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Sometimes life doesn’t work out the way you think or hope that it will. Unfortunately, this can include both your family life and your marriage. If this happens, you may feel that you don’t have a choice but to get a divorce. 

Although some Magistrate’s Courts can make orders for spousal or child maintenance, it’s only the High Court which can grant a divorce.

Before you get started, check out our glossary of common terms he



Our High Court can only grant a divorce where:

  1. Either or both the Petitioner and/or the Respondent’s permanent home is Trinidad and Tobago or they’ve a substantial connection to Trinidad and Tobago when divorce proceedings are filed; or

  2. Either or both the Petitioner and/or the Respondent were residing in Trinidad and Tobago for at least a year before filing for divorce;

  3. The parties have been married for at least a year (If parties have not been married for at least one year, a special application may be made to court of if the Petitioner is suffering exceptional hardship or if there has been exceptional depravity on the part of the Respondent;

Once of these requirements apply, the Court must then consider the grounds upon which you’re seeking a divorce.

Grounds of Divorce

We don’t really recognise the concept of a no-fault divorce in Trinidad and Tobago. Although you can be divorced where you’ve lived apart for five years or where you’ve been separated for two years and both of you consent to getting divorced, in all other cases there has to be an “irretrievable breakdown of the marriage”.

It is outdated to require someone to be at fault for the breakdown of their marriage but this is hardly a problem in practice. It’s really just formal language to say that one person has to be at fault for the breakdown of the marriage. 

What this means in theory is the Court can technically say that the grounds of divorce, such as adultery, or unreasonable behaviour, are insufficient to grant the Decree Nisi. In practice, however, this almost never happens. This could be an example of the Court recognising that we are no longer in the day or age where fault has to lie for a marriage to have broken down but, until Parliament changes the law, there’s only so much the Court can do.

The five grounds upon which you can file for divorce include that:

  1. the Respondent has committed adultery and the Petitioner finds it intolerable to live with the Respondent;  

  2. the Respondent has behaved in such a way that the Petitioner cannot reasonably be expected to live with the Respondent;

  3. the Respondent has deserted the Petitioner for a continuous period of at least two years immediately preceding the presentation of the petition; 

  4. the parties to the marriage have lived apart for a continuous period of at least two years immediately preceding the presentation of the petition and the respondent consents to a decree being granted; 

  5. that the parties to the marriage have lived apart for a continuous period of at least five years immediately preceding the presentation of the petition.

Now depending on the grounds of divorce, when the Respondent receives the Divorce Petition they may choose to challenge these grounds and file what is in essence their own petition defending the grounds that you’ve alleged and alleging an entirely different set of reasons as to why you caused the marriage to break down irretrievably.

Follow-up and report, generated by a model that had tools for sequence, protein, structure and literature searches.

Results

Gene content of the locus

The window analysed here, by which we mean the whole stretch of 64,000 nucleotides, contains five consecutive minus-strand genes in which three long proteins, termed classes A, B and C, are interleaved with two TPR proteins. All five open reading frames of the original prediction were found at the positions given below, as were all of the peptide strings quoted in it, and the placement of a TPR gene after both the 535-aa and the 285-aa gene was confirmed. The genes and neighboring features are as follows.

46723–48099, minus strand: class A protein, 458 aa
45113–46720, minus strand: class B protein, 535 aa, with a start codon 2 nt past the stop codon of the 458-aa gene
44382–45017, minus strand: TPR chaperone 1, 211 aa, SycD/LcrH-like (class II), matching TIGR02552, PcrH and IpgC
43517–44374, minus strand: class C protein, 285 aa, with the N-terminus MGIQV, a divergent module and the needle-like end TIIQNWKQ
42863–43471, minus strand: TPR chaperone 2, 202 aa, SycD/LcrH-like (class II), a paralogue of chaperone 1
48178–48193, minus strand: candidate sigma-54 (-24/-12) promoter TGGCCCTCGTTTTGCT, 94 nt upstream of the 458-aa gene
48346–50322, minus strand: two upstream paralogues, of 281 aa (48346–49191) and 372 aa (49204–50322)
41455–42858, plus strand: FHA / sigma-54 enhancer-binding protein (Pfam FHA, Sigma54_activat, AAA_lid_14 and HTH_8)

After filing

If this happens, unless both parties consent to the divorce, on hearing the Court will progress the matter toward a Trial.

If the Respondent does not choose to contest the Divorce Petition, on the first hearing the Petitioner will be sworn in to testify as to the details of the marriage which were sworn to in the Divorce Petition and the Court can then grant a Decree Nisi.

Once a Decree Nisi has been granted, ancillary applications may be filed. These may be for custody, for care and control (another term of art which really just means who the children will live with), for access (essentially, the terms on which the non-resident parent can visit the children) and for any monetary applications whether it be to claim an interest in the matrimonial assets, or for spousal maintenance or for maintenance for the children. These topics will be covered in another post.

Remember, even when you have your Decree Nisi, you are still legally married. It is only when you get the Decree Absolute has the marriage been legally dissolved.

If you don’t intend to claim any financial relief and everything’s squared away with the children, then you can apply for your Decree Absolute 6 weeks after your Decree Nisi has been granted. Although the Petitioner is entitled to file the application for the Decree Absolute firstly, if the Petitioner does not within 3 months of being entitled to do so (that is, 3 months after the 6 week period has passed), then the Respondent may apply.


It is important that either party to do so within 1 year of the Decree Nisi being granted, otherwise additional evidence may be required by the Court explaining the delay before the Decree Nisi is made absolute.


Applying for the Decree Nisi to be made absolute is simply done by the filing of an application (shown in Form 13 below) in the Registry of the Family Court or through the E-Services filing platform (which you can read about here).

Of course, any document filed will need to have the filing party's contact information and address and set out the names of the parties inserted. 

Once granted, the Decree Absolute (as with the Decree Nisi) would be sent to the parties by email, to the email address which the Court Office has on record.

Last updated: 21st February 2024

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